BEIJING (AP) — In a story Dec. 28 about a detained Tibetan monk, The Associated Press, relying on information from Tibetan writer Tsering Woeser, reported erroneously the date on which the monk's supporters gathered to petition for his release. The correct date was Dec. 10, 2013, not Dec. 18, 2013.
A corrected version of the story is below:
Writer: China detains Tibetan monk and supporters
Tibetan writer: China detains popular Tibetan monk and 16 supporters seeking his release
By DIDI TANG
BEIJING (AP) — Chinese authorities have detained a highly regarded Tibetan monk and 16 of his supporters, a Tibetan writer said Friday, as Beijing tightens its grip over the region.
The writer, Tsering Woeser, said that rights lawyer Tang Tianhao confirmed the detention of Karma Tsewang, a popular monk in Nangqian county in western Qinghai province. Aside from preaching Tibetan Buddhism, the monk is known for his work on disaster relief, environmental protection and teaching youth the Tibetan language.
Tsering Woeser said Karma Tsewang was taken away by police Dec. 6 while traveling on business in the city of Chengdu. She said the monk was taken to Chamdo prefecture, where he has been detained since.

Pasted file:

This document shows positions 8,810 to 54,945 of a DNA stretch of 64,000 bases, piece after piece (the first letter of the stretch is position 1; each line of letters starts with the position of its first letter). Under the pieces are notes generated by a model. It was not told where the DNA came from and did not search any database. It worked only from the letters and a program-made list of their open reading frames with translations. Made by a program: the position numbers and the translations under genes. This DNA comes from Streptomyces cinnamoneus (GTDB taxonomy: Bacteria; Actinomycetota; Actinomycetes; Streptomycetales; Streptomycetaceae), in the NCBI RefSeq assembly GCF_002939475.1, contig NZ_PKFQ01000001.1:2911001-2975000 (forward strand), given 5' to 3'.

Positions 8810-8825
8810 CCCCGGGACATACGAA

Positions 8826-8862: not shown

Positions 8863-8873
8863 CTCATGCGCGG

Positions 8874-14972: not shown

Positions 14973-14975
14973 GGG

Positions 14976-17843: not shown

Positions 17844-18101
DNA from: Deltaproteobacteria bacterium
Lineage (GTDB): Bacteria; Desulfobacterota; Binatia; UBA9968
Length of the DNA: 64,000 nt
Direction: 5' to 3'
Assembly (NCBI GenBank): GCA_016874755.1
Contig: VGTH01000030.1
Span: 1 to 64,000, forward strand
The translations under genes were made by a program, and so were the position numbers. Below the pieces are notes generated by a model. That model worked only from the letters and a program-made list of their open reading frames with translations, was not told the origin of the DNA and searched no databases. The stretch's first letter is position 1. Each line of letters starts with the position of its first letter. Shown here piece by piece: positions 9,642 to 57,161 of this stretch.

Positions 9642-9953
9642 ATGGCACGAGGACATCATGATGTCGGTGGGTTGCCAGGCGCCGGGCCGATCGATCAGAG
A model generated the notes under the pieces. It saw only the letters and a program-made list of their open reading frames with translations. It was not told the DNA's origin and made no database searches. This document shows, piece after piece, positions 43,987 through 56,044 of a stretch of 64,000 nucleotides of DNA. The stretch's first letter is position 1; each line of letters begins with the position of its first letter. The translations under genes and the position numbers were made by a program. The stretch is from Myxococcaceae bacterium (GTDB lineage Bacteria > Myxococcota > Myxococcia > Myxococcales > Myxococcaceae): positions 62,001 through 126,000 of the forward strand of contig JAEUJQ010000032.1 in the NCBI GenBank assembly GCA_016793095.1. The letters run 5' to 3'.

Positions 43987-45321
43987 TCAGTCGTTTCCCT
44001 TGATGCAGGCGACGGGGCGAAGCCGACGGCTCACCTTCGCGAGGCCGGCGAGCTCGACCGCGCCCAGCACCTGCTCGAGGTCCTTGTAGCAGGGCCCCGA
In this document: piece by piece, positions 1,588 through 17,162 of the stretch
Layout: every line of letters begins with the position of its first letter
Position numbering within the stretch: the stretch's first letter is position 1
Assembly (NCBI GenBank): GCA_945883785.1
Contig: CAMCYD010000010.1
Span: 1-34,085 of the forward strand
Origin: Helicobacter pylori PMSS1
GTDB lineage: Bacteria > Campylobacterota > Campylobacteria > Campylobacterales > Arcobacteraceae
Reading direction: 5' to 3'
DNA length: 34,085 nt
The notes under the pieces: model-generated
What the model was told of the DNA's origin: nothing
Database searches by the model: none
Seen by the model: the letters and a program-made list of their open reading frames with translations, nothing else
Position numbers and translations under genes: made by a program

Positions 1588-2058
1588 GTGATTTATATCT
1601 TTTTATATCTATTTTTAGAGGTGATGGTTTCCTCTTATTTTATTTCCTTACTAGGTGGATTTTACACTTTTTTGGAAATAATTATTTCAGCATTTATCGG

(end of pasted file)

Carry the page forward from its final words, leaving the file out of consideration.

More than 100 laypeople and monks in Nangqian petitioned the government Dec. 10 to release Karma Tsewang, but 16 of them were detained in the following days, the writer said.
Tsering Woeser said she obtained the information from local residents as well as Tang, who declined to speak to the media out of fear of governmental retaliation but asked Tsering Woeser to relay the information.
The writer said the authorities have warned the families of Karma Tsewang and of the detained supporters not to hire lawyers.
Police in both Chamdo and Nangqian said they had no knowledge of the case. Calls to local governments were either unanswered or answered by people who said they did not know about the case.
Tsering Woeser said that Tang, who was retained by Karma Tsewang's family, had been denied visits with the monk in Chamdo.
Tsering Woeser said she is concerned that any conviction against the popular monk could upset local residents and cause unrest.
For decades, ethnic Tibetans have resented Beijing's strict limits on Buddhism and Tibetan culture, as their spiritual leader, the Dalai Lama, remains in exile. Although Beijing says it has made vast investments to boost the region's economy and improve the quality of life for Tibetans, many Tibetans say Beijing's economic policies there have mainly benefited ethnic Chinese migrants.
More than 100 people have self-immolated since 2009 to protest China's rule over Tibetan areas.